January 28th and 29th mark two days which will live in infamy. As debaters who witnessed, participated, and competed at The UC Berkeley Parli Invitational run by the Debate Society at Berkeley, we were left aghast. It was not the salt-of-the earth competition we eagerly anticipated; if anything, it salted the earth. We cannot take the legitimacy of high school parliamentary debate for granted, and cannot ignore the severe setbacks that have plagued this tournament. 

We arrived on day one to tedious delays, owing to the tournament’s failure to operate Tabroom’s most basic functions. The first flight of round one suffered the absence of a functional e-ballot system. While this problem appeared to be fixed later in the day, there was an obvious inconsistency. Throughout both days of the tournament, and in no particular order or reasonable sequence, some preliminary round decisions were collected on paper while others were computed via electronics. Because several judges thought that they would be receiving electronic notifications when they were due to receive e-ballots - while in reality, paper ballots were being pushed in the auditorium - debate rounds often had missing or tardy judges.

With a multitude of judges available, the tournament decided to assign three judges per room for two back to back flights. This was not merely ambitious planning, but proved to be ultimately detrimental when judges failed to show up, forcing speaker points and wins to be determined with a duo panel or a single judge. While there were no split decisions in the occasional duo panel, debaters suffered an enormous differential in speaker points that allowed illegitimate teams to break into outrounds. Instead of cumulating the average of speaker points, a system of simplistic addition locked out teams who had the misfortune to be judged by a smaller panel. Even then, it is unclear what tiebreakers were used to advance certain teams. Only a manual recalculation by the debaters themselves brought light to this tremendous mistake, a mistake that was coughed up a half-round too late. 

Due to the lack of transparency and immense amount of confusion at this tournament, debaters were forced to tabulate their own scores in hopes that they would be able to figure out how the tournament decided who broke to the octofinals round and who did not. Teams that left immediately who possibly would have broken to octofinal rounds were put at a significant disadvantage, as they did not even know there were problems tabulating scores.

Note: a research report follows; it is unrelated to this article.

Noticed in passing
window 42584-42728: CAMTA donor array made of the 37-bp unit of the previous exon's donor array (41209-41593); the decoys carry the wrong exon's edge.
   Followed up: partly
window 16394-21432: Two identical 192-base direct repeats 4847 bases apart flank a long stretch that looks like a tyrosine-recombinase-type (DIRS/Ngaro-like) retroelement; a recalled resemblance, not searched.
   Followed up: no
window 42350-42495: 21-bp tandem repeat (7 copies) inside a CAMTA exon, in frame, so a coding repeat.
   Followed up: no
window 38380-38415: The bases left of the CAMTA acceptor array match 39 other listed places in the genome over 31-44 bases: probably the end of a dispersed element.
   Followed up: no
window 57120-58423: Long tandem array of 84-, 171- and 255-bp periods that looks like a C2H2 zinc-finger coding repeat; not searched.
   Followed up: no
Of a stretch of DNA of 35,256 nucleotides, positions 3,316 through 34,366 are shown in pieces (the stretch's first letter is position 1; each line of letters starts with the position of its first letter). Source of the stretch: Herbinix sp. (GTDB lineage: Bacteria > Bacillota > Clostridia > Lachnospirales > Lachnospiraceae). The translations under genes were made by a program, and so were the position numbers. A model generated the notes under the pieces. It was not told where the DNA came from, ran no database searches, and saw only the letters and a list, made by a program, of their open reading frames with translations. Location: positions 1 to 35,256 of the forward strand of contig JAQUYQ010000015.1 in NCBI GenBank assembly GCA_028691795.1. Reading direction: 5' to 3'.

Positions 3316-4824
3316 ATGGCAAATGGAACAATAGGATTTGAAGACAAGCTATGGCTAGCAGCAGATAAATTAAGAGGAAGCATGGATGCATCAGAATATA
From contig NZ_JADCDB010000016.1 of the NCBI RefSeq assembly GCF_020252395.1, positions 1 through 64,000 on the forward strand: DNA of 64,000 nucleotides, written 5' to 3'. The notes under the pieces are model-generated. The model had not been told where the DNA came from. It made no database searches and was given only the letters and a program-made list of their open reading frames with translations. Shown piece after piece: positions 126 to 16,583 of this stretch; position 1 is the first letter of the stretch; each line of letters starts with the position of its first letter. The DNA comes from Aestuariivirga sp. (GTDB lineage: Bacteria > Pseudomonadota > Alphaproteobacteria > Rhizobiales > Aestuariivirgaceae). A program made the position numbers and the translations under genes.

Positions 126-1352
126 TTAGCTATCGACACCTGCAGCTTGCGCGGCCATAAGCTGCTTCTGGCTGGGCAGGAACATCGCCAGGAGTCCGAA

After several nonbreaking 3-2 teams calculated that they had higher speaker points than the breaking teams and filed a protest, the tournament recalibrated ranks by dropping the two highest and lowest scores– which still failed to solve the issue of differently sized prelim panels– and ultimately decided to allow one additional team into the break. However, no other team was offered this opportunity, and in direct contradiction, other teams who asked were told the tournament broke based on ballot count. The tournament appears to have opted for arbitrary methods to help some teams, without solving the basic problem that the entire break was unfair. Without a coach to lobby for them, many teams never could have known they should have broken.

Traditional parliamentary decorum was undermined significantly throughout prelims. Due to poor informational logistics, some teams entered rounds under the impression that this tournament featured different formats of debate and proceeded to read cases straight out of a laptop. The burden was brought upon a handful of experienced parli judges and teams to outline the speaker positions and the no-electronics-in-round policy. Basic protocol was thwarted on the judging level as well, as some round deliberations had the appearance of collective decision making. 

Perhaps the most damaging impact of this poorly managed tournament was the drop in legitimacy for high school tournaments at UC Berkeley. The National Parliamentary Debate Invitational, held in November every year, is one of the most prestigious tournaments in the parli circuit and is run by Parliamentary Debate at Berkeley, which uses the NPDA format. Although the more recent Berkeley tournament was run by the Debate Society at Berkeley team, which is a completely separate organization, as competitors, we fear that the multitude of issues outlined above will tarnish the image of UC Berkeley debate in general and prevent events like NPDI from being held in the future. 

While we do not wish to detract from the accomplishments of debaters who continued to compete, we find that the threatened legitimacy of parliamentary debate is the real issue of contention here. While the question of equitable point earnings for the teams that advanced under a faulty system is a fair concern for many of us, the ultimate takeaway of this tournament should be the reflection it has or shall impose onto our community. At the end of the day, we urge the necessity to reflect and revise past errors in order to preserve the making of a fairer parliamentary debate community.